Tuesday, June 28, 2022

Navy News

I have been neglecting navy news for the last few days simply because there was so much other shipping activity in Halifax Harbour.

The week started off on Sunday, June 26 with the sailing of two RCN ships for a four month tour of duty with NATO's Operation Reassurance in the North Atlantic and Baltic Sea. Both are coastal defence vessels that can do a wide range of work depending on which of several equipment modules they are carrying. Their principal duties however relate to mine countermeasures.

HMCS Kingston will be deploying an autonomous underwater vehicle and HMCS Summerside will be carrying a clearance dive team.

Kingston MM 700 is the lead ship of the class of twelve vessels, built by Halifax Shipyard. It was launched August 12, 1995 and commissioned in 1996.

HMCS Summerside MM 711 launched September 25, 1998 and was commissioned in 1999.

Altough difficult to see in the above photo, the ships are powered by diesel electric driven azimuthing stern drives (Z-drives) which give them manoeuvrability similar to harbour tugs.

Two frigates currently assigned to NATO, HMCS Montreal and HMCS Halifax are due to return to Halifax in July. Other ships are doing training or working up for future assignments. One ship has been exercising in near waters off Halifax for the last few weeks and is in and out of port frequently.

 HMCS Fredericton FFH 337 is a Halifax class general purpose / anti-submarine patrol frigate commissioned in 1994. It was built by Saint John Shipbuilding in Saint John, NB. The ship has served in a variety of missions including a six-month NATO deployment ending in late 2021.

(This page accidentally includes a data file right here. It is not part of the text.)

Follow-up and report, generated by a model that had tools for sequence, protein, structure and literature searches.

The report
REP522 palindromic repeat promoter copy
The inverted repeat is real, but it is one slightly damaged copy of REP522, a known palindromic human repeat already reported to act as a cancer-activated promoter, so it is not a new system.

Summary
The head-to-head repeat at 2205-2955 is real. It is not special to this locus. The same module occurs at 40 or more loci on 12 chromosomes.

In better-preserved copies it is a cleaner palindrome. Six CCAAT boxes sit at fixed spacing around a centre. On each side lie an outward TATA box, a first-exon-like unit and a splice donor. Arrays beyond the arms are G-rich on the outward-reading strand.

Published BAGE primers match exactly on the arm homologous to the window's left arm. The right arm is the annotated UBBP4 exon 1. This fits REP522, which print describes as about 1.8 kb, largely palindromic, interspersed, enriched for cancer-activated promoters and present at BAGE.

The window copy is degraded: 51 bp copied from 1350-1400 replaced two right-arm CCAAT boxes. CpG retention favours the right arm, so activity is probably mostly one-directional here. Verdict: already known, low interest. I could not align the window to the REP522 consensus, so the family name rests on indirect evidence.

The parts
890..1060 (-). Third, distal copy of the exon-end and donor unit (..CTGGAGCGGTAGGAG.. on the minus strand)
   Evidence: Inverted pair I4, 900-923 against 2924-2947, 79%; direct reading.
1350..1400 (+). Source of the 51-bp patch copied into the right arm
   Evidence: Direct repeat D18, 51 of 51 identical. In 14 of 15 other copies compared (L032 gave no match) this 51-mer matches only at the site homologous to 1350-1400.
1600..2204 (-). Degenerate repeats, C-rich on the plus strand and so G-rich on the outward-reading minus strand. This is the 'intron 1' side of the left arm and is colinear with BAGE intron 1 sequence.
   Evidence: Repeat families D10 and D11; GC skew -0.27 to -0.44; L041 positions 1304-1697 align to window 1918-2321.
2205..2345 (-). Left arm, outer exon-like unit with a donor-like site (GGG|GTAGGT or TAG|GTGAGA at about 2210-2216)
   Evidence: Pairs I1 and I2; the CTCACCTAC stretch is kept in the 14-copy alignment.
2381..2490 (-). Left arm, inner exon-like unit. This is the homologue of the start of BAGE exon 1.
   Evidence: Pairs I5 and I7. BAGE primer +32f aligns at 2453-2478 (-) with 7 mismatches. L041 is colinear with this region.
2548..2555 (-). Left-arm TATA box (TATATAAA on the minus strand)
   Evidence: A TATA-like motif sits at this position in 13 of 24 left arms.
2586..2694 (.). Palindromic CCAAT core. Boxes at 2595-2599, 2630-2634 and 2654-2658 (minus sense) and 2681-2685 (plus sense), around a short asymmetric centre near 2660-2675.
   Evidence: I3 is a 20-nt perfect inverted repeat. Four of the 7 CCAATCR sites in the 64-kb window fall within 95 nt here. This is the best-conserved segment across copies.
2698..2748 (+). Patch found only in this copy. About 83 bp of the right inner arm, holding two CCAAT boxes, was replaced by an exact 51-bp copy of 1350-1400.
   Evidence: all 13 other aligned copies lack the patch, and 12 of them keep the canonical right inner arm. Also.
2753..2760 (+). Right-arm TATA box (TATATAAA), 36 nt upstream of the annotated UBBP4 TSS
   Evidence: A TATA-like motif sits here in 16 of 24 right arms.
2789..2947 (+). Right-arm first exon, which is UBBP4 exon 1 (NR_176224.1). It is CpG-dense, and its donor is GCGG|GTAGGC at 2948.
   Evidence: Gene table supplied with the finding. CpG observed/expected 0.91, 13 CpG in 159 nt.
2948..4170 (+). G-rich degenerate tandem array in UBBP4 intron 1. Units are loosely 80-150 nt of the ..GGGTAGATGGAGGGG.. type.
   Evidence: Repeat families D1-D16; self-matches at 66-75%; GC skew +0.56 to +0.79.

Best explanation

And now for something completely different - yes the Royal Navy really does have an icebreaker. Used principally in the antarctic regions for hydrographic charting and various kinds of research, the ship is also a highly capable icebreaker and patrol vessel. HMS Protector A173 is taking a special route home this year. In early June it participated in the resumed Fleet Week in New York, followed by calls in Montreal and Quebec City. It then visited Sydney, NS where it was hosted by the Canadian Coast Guard College. Several Protector crew trained with the CCG in the Canadian arctic in 2020 and 2021.

The ship arrived in Halifax this morning, June 28, and tied up at Navy jetty Bravo 3.

The ship started life in 2000 as the Norwegian privately owned antarctic class icebreaker Polarbjørn, with a hull built by Western Shiprepair Yard in Klaipeda, Lithuania and outfitted by Havyard in Leirvik, Norway. Original owners were G.C. Rieber (once well known in Halifax from their fleet of sealer / researchers), who used the ship for expeditions and subsea work. In 2011 the Royal Navy chartered the ship and commissioned it as HMS Protector. In 2013 they purchased the ship outright.

HMS Protector is outfitted with huge array of equipment including a 50 tonne crane, a 25 tonne A-frame gantry and several small craft. In addition to survey and research work it has also carried out supply and rescue missions and humanitarian work.

The ship's Commanding Officer is Capt. Maryla (Milly) Ingham, the highest ranking female RN naval officer to command a ship. Capt. Ingham has commanded several ships in her RN career, but has reached the rank required for command of a large ship.


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